Picture this: highly-paid session musicians made to wear fireman’s hats, blow through the wrong ends of their instruments and crawl around grunting like pigs; a grand piano planted in a living-room sandbox; meetings held at the deep end of a swimming pool.

This surreal scene from Beach Boys leader Brian Wilson’s 1967 recording sessions for the never-to-be-completed album Smile is part of pop music’s Talmud, an anecdote to be decoded endlessly for significance: did these antics signal composer-producer Wilson operating at a giddy creative peak that could have eclipsed The Beatles’ Sgt Pepper’s Lonely Hearts Club Band? Or did this portend the breakdown and addictions that would leave the California bard bloated and shuffling in a bathrobe, struggling to turn out any music at all?

This is the core of a legend. The tragic genius of Brian Wilson. It is to pop what the tragic genius of Vincent Van Gogh is to modern art: a parable of sensitivity sacrificed to cruel indifference. In this story that villainy comes from lead Beach Boys singer Mike Love, who scorned Smile and pressured Wilson to stick to the band’s formula of surf, sun, cars and girls.

For decades that lore has echoed through new records and retrospective box sets, countless books and essays, documentaries, TV movies, fictional accounts (such as Paul Quarrington’s Whale Music) and tribute songs by, among others, John Cale, Tears For Fears and the Barenaked Ladies. This year brings another crest in that wave: in April, the 72-year-old Wilson released his latest and perhaps final solo album, No Pier Pressure. And the widely praised biopic Love and Mercy is now in US cinemas, with Paul Dano as the young hit-making wizard and John Cusack – who has been likening Wilson to Mozart, a frequent comparison of his most ardent admirers – as his diminished older self. This summer Wilson goes on a rare tour and will release his new autobiography, I Am Brian Wilson, in autumn.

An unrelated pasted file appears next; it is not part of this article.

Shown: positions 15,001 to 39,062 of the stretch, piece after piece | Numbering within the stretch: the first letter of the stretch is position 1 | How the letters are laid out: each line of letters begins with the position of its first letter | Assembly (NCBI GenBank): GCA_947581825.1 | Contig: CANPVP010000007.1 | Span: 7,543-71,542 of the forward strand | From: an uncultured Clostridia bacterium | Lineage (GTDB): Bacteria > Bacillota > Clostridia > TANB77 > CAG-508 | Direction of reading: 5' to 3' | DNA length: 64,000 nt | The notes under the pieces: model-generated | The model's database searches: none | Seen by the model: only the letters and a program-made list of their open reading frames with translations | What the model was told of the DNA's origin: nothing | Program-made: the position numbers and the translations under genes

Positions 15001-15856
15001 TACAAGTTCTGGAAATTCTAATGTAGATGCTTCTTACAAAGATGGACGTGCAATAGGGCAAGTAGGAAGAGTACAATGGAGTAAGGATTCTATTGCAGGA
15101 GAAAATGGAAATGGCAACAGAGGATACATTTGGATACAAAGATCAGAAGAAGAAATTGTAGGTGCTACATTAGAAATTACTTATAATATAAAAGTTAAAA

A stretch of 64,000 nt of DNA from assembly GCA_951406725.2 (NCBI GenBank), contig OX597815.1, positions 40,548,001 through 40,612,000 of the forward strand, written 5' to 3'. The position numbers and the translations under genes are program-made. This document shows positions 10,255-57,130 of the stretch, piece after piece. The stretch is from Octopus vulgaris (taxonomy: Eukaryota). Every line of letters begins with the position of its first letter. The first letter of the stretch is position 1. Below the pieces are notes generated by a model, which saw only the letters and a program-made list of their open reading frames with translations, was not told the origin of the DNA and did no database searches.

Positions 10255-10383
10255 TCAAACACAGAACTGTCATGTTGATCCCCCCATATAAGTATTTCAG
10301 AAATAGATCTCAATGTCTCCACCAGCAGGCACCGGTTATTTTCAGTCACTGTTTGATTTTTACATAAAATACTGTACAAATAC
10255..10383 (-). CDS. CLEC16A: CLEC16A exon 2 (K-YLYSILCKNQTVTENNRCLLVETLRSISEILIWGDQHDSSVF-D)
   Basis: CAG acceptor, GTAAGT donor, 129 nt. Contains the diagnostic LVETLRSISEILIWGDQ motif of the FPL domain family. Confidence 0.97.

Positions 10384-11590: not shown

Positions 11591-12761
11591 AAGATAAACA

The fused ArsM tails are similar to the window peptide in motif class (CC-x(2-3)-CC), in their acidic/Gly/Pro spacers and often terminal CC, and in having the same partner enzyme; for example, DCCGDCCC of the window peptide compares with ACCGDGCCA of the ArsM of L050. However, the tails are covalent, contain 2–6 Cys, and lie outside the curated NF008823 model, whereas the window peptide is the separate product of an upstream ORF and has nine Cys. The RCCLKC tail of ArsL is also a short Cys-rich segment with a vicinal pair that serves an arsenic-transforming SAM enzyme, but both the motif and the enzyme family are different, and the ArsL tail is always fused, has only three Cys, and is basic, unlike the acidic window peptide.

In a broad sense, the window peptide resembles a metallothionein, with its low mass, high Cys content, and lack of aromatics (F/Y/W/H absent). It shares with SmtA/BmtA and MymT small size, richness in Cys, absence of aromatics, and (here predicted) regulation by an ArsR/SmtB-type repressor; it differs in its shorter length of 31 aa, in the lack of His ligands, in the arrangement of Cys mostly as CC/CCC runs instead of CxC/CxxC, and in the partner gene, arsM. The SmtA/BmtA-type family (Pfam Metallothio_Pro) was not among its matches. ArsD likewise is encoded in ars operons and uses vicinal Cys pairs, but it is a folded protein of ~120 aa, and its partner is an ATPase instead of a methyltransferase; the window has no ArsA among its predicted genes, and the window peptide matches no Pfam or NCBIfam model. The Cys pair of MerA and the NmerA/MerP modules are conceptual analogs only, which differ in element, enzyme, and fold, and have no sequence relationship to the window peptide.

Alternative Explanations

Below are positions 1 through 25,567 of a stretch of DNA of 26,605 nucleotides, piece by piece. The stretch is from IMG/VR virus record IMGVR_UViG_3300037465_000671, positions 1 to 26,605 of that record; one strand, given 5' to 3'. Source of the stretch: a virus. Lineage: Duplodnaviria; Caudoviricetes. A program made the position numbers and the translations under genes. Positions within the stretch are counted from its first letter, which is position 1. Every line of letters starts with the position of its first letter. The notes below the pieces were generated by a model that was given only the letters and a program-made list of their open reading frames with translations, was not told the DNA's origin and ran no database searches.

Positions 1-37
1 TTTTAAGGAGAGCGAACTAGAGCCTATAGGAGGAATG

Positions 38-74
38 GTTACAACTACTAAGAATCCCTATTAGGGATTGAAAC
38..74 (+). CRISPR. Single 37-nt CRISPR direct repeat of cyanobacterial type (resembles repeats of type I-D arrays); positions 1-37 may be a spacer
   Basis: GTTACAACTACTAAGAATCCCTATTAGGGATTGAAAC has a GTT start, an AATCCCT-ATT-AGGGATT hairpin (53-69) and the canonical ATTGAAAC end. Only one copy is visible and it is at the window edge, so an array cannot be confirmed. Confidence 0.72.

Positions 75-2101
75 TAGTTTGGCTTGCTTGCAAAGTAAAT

Even an observer sympathetic to Wilson might wonder: when will it be enough?

He gets around

Critics like to squabble over which artists are overrated or underrated. But Wilson defies those categories entirely. The Beach Boys’ chief creative force was one of the prime movers of rock’s mid-1960s artistic evolution, harmonising angelically with his brothers Dennis and Carl (no relation to the writer of this article) and cousin Love. He made recording history with sonic landmarks such as Good Vibrations and God Only Knows. He kept The Beatles looking over their shoulders. And then, after 1967, despite some decent efforts, he didn’t. The Beach Boys’1976 marketing slogan “Brian’s back!” has never really come true. These facts remain relatively undisputed.

No, Wilson demands another bracket, one for the artists who are great but whose greatness is proclaimed to the point of redundancy, taking up more than their share of cultural shelf space. Instead of the overrated, call them the overstocked. It’s a label Wilson would share with The Beatles and Bruce Springsteen, or in other arts Picasso, the Mona Lisa or Citizen Kane.